High school diving is performed on a one meter diving board. Diving is a difficult sport that takes determination and hard work. Only a select few high school teenagers have these characteristics. It is very easy to become uncomfortable and inflexible diving after only a couple of days off the board. That is why it is very important to always stretch and do your best at doing drills when your are unable to be on the board.
The approach is the first thing the judges look at. Your approach consists of three or more steps forward to the end of the board before the hurdle and takeoff. If you have a good forceful hurdle you should be able to throw any dive you are confident in. This tells the judges you have good form if you have a graceful and productive hurdle.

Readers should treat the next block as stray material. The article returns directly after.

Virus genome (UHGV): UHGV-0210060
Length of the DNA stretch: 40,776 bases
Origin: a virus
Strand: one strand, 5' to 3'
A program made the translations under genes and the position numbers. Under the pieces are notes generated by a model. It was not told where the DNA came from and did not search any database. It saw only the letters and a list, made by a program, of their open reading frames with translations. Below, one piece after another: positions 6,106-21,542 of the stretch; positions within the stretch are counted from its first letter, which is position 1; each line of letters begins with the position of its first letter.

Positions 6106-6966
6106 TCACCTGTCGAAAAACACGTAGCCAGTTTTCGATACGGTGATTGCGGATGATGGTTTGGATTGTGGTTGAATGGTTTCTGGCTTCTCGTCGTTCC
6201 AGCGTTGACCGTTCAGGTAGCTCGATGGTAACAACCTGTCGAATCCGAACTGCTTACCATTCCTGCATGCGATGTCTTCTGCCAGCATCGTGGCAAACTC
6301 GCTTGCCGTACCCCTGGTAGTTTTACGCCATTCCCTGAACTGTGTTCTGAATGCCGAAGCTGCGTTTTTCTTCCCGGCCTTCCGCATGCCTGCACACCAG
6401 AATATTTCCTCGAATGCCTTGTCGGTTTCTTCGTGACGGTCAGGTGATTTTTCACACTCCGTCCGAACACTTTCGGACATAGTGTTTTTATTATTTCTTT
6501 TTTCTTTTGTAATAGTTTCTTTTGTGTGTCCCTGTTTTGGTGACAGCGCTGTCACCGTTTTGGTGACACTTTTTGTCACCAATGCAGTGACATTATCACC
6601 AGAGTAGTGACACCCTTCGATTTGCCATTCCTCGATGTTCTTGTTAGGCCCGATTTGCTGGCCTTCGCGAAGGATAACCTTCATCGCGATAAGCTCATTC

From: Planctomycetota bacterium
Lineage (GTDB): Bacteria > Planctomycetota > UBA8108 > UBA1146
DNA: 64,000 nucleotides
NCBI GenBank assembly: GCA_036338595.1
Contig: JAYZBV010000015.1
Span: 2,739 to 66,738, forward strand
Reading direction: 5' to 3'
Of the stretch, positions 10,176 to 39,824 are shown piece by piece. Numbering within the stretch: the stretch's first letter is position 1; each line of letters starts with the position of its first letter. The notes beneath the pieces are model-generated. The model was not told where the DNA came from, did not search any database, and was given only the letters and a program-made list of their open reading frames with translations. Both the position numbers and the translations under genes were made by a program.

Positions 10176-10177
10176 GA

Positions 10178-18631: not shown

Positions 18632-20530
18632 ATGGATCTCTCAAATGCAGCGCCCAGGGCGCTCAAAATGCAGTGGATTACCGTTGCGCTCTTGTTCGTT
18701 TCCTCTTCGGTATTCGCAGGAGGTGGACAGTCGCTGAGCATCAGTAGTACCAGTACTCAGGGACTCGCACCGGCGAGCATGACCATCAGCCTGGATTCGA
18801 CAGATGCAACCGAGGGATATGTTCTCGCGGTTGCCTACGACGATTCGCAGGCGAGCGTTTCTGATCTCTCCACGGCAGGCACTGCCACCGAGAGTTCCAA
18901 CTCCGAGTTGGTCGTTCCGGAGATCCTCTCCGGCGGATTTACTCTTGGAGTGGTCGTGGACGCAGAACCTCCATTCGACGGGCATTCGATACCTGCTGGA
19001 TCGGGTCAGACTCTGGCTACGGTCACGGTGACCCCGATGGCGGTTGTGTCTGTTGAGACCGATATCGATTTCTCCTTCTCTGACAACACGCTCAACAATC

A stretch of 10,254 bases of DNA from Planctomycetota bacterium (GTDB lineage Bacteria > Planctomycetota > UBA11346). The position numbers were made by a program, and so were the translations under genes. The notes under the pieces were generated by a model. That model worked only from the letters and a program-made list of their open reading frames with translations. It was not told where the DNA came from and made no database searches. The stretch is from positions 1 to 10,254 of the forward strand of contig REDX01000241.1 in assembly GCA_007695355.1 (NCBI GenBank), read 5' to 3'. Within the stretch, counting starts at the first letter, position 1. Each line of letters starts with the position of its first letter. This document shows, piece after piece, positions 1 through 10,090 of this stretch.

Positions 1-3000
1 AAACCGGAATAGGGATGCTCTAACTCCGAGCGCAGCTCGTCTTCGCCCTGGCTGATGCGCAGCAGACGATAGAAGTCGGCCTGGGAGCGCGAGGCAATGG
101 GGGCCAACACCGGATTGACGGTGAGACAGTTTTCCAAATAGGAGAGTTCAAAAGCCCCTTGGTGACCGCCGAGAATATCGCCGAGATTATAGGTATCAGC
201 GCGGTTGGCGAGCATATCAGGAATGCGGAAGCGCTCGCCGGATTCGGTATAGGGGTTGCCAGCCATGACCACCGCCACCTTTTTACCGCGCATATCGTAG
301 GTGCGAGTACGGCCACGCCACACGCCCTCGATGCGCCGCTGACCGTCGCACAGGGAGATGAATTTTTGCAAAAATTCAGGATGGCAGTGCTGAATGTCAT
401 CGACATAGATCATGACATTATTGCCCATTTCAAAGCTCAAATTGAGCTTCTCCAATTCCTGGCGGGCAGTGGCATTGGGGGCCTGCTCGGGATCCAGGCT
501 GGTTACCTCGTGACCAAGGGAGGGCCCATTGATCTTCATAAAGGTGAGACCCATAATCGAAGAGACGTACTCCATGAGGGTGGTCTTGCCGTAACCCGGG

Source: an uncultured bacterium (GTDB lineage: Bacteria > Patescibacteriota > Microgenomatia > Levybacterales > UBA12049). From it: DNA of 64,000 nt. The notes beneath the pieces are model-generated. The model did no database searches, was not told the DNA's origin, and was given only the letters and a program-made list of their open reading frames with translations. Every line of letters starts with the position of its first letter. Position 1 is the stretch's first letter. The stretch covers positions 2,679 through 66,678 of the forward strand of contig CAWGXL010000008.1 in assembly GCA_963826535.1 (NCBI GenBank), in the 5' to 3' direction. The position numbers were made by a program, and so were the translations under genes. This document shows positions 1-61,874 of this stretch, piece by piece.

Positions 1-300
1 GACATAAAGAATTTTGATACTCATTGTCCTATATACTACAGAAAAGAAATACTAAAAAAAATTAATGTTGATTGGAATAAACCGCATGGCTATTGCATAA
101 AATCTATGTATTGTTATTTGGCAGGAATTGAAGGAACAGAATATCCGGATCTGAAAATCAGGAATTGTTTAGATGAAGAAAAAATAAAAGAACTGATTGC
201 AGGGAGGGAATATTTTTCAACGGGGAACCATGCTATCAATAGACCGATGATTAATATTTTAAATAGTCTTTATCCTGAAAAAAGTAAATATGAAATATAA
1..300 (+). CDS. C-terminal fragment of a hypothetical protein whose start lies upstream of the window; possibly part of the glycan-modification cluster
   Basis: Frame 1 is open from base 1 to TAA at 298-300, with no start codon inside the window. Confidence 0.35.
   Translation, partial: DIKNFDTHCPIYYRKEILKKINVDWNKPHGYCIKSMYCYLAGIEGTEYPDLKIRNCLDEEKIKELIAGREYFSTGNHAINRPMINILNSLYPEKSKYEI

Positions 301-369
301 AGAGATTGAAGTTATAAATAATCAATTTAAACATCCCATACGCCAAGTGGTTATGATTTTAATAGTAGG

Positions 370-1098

The next thing the judges look at is your take off. Your take off is your lift from the board prior to execution of the dive. You should show control and balance, plus the proper angle of landing and leaving for the particular dive being attempted. Moving on is the execution of your dive. The elevation is the amount of spring or lift a diver receives from the takeoff which affects the appearance of your dive. The more height you have is the more time you have, which leads to a better execution.
The execution is the dive itself. Your execution is the way you throw the dive or (kill) the dive. A judge watches for proper mechanical performance, technique, form, and grace. Your entry into the water is significant because it’s the last thing the judge sees. Judges favor a graceful, vertical entry, you are going to want the smallest splash you can make.
Each judge scores a dive between zero and 10 points, which includes half point increments. Scores are defined as follows:
8½-9½: Very good
0: Completely failed